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You may have been a little surprised, and an equal part amused, by our previous ACE-FX article: 15 things we bet you don’t know about the UK. But what about the London Underground? How well do you really know it? And what about its history – think you’ve got that down?
We think you might not know the Tube as well as you’d expect – at least not all it’s facts, figures and strange historical occurrences. So here we go: 15 things we bet you don’t know about the London Underground.
The moving wheels of History
The London Underground began in the 19th century – 1863 to be exact – with gas-lit wooden carriages, powered by steam locomotives. During the beginning of the 19th century London had grown rapidly: it was a bustling, hustling hub of activity and the streets were full of carts, cabs and omnibuses. The development of a class of commuters arriving by train each day led to traffic congestion in the city. The first tube lines were proposed as a better means to get people to the various train stations – and rid the streets of some of the carts and people.
Initially, there was little interest. But once the first line – running from Paddington to King’s Cross – was opened, it was hailed as an immediate success. The first 12 months saw 9.5 million passengers carried on London’s first underground rail.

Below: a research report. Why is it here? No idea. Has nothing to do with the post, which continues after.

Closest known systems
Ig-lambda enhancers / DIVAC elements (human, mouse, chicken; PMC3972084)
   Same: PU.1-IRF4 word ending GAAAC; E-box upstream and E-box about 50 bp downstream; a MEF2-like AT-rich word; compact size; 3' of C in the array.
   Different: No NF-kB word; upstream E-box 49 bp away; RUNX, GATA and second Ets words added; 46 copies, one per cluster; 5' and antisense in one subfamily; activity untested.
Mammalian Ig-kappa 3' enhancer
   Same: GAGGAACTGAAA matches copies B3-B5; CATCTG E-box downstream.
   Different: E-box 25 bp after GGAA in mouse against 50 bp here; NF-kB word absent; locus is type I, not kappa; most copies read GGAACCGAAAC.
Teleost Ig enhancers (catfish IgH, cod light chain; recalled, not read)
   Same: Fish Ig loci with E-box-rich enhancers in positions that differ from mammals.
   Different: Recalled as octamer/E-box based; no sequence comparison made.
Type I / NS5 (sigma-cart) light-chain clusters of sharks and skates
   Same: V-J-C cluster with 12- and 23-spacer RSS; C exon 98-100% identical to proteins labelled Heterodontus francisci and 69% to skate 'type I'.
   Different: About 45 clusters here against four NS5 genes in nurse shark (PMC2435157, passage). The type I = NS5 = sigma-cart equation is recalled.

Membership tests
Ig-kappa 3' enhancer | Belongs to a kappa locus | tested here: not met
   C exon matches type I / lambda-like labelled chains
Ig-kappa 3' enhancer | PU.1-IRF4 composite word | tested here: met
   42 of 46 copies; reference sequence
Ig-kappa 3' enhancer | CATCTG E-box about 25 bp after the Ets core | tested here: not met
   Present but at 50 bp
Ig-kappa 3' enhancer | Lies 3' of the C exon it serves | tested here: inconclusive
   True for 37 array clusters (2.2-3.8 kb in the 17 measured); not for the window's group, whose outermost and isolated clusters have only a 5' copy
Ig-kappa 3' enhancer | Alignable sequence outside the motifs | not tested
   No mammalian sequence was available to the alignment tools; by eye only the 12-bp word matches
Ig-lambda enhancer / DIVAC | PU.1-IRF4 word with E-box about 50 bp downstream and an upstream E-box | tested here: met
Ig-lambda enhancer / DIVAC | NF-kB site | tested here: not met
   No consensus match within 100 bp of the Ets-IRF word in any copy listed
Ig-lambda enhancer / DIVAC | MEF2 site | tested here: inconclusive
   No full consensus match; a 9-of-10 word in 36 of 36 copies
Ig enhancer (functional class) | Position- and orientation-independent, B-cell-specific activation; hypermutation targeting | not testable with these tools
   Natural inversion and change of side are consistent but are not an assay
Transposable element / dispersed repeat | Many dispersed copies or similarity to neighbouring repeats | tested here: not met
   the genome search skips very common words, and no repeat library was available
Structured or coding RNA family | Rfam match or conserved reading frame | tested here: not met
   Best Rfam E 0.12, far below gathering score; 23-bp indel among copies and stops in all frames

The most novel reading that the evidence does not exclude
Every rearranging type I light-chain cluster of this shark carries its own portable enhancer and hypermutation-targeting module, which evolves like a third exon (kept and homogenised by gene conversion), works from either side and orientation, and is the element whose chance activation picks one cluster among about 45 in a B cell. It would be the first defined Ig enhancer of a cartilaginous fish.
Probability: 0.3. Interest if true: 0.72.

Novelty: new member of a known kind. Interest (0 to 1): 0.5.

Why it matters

Originally, different companies managed and operated different lines. In the early 20th century, under a joint marketing agreement to promote travel on the underground railways, UNDERGROUND signs appeared outside stations in Central London. From then on, the London Underground stuck.
London Underground tried to introduce its own floral fragrance
In attempts to make tube journeys more pleasant, and a little less smelly, the London Underground launched a fragrance called Madeleine. It was to be sprayed on the floor and released by commuters feet. Unfortunately, on a trial run at St James's Park station, it was unanimously rejected by commuters. Seems people preferred the au naturale London tube scent. But we’d like to give the Underground an A* for effort.